Depending on the straw you draw — will it be Mom who stays home doling out the sweet treats while Dad makes the neighborhood rounds with the kids, or vice versa? — parents play the biggest role in making sure the Halloween experience is safe and fun for all children. If you are expecting a lot youngsters shouting “Trick-or-Treat!” at your doorstep tonight, the American Academy of Pediatrics suggests tidying things up around the house:

  • To keep homes safe for visiting trick-or-treaters, parents should remove from the porch and front yard anything a child could trip over such as garden hoses, toys, bikes and lawn decorations.
  • Parents should check outdoor lights and replace burned-out bulbs.
  • Wet leaves should be swept from sidewalks and steps.
  • Restrain pets so they do not inadvertently jump on or bite a trick-or-treater.


If you are the designated parent keeping close tabs on your trick-or-treaters as they walk/run/sprint from house to house, these tips from the AAP might come in handy:

  • A parent or responsible adult should always accompany young children on their neighborhood rounds.
  • Obtain flashlights with fresh batteries for all children and their escorts.
  • If your older children are going alone, plan and review the route that is acceptable to you. Agree on a specific time when they should return home.
  • Only go to homes with a porch light on and never enter a home or car for a treat.
  • Because pedestrian injuries are the most common injuries to children on Halloween, remind trick-or-treaters:
    • Stay in a group and communicate where they will be going.
    • Remember reflective tape for costumes and trick-or-treat bags.
    • Carry a cell phone for quick communication.
    • Remain on well-lit streets and always use the sidewalk.
    • If no sidewalk is available, walk at the far edge of the roadway facing traffic.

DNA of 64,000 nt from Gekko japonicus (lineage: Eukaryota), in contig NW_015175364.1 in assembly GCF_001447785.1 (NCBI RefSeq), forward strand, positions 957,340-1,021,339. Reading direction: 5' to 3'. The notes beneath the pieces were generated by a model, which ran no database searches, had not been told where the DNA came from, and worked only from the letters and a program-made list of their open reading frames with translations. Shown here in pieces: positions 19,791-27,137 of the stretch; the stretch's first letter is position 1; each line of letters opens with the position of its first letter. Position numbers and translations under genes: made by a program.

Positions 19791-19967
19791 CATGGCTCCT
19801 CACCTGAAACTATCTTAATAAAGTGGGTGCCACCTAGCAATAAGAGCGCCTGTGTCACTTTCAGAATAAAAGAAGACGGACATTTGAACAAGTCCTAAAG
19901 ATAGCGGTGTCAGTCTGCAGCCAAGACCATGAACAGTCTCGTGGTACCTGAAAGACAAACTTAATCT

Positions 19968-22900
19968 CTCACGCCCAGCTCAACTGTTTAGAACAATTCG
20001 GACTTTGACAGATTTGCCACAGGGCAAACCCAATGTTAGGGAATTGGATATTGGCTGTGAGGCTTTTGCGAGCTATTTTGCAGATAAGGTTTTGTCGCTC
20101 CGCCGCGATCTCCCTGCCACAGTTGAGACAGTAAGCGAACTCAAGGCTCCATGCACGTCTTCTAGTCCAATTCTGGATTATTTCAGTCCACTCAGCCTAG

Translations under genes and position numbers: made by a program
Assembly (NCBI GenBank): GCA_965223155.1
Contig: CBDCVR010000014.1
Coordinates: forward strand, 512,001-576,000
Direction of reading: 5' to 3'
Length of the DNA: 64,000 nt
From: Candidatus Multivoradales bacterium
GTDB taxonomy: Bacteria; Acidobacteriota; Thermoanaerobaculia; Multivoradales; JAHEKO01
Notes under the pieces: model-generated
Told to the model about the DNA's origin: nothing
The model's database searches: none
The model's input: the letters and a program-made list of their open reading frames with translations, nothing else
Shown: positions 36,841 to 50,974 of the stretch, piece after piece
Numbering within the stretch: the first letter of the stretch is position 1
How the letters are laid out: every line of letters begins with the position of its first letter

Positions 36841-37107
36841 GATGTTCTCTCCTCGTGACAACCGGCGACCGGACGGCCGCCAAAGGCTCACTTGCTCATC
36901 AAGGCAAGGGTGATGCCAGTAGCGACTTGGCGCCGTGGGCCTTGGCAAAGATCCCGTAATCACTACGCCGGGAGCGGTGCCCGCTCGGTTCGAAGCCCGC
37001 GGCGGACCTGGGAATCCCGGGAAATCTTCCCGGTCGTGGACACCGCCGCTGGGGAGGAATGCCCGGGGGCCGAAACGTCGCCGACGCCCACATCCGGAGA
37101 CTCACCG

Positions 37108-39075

• Never cut across yards or use alleys.
    • Only cross the street as a group in established crosswalks (as recognized by local custom). Never cross between parked cars or out of driveways.
    • Don’t assume the right of way. Motorists may have trouble seeing trick-or-treaters. Just because one car stops, doesn’t mean others will!


  • Law enforcement authorities should be notified immediately of any suspicious or unlawful activity.


Pediatrician Dr. Jaime Friedman adds:

An adult should always accompany small children while trick-or-treating. Make sure everyone wears reflective tape or carries a flashlight. Instruct children to stay together, don’t run ahead or in the street, only go to homes that are lit up and to always stay on the sidewalk.


If you find yourself a driver or simply a pedestrian on Halloween night, heed these traffic rules from Dr. Jenny Seawell (especially if you don’t want her to go all “Pediatric Ninja” on you):

Car Safety

Although the world comes to a standstill for our kids on Halloween, we all know it keeps on moving for everyone else. So we still need to watch for cars and kids.


If you are walking with your kids on Halloween night, keep a close watch for drivers. If you are on main roads, make sure to cross the street at crossways or stop signs. Try to make eye contact with drivers before crossing the street. Make sure they know you’re crossing before you step into the road.


If you are driving around kiddos on Halloween night or maybe just driving home after work, be extra careful. Go a little slower. Watch for kids running down driveways. Excited kids and loads of sugar don’t always mix.


Remember: Nothing goes in your child’s mouth until treat bags are emptied and examined for any spoiled, unwrapped, or suspicious items:

Before letting your kids gorge themselves on their goodies, go through all the candy. Remove anything with packaging that is damaged. Also take out items that aren’t really appropriate for the age of your kid. Remove hard candies that can be choking hazards in younger kids. If you have a kid in braces, take out the items with nuts and taffy. And even if you’ve approved the items in your kids’ bags, do not let them run around with suckers or candy in their mouths. Choking is a real hazard and it is scary and dangerous.


Finally, teach your kids to pace themselves. They don’t need a tummy ache tomorrow morning and you will want some candy to last for at least as long as you keep dipping into their sweet loot!

Read part 1 of “Safety & Fun on Halloween” here and “Halloween Safety Tips” on The PediaBlog here.


(Google Images)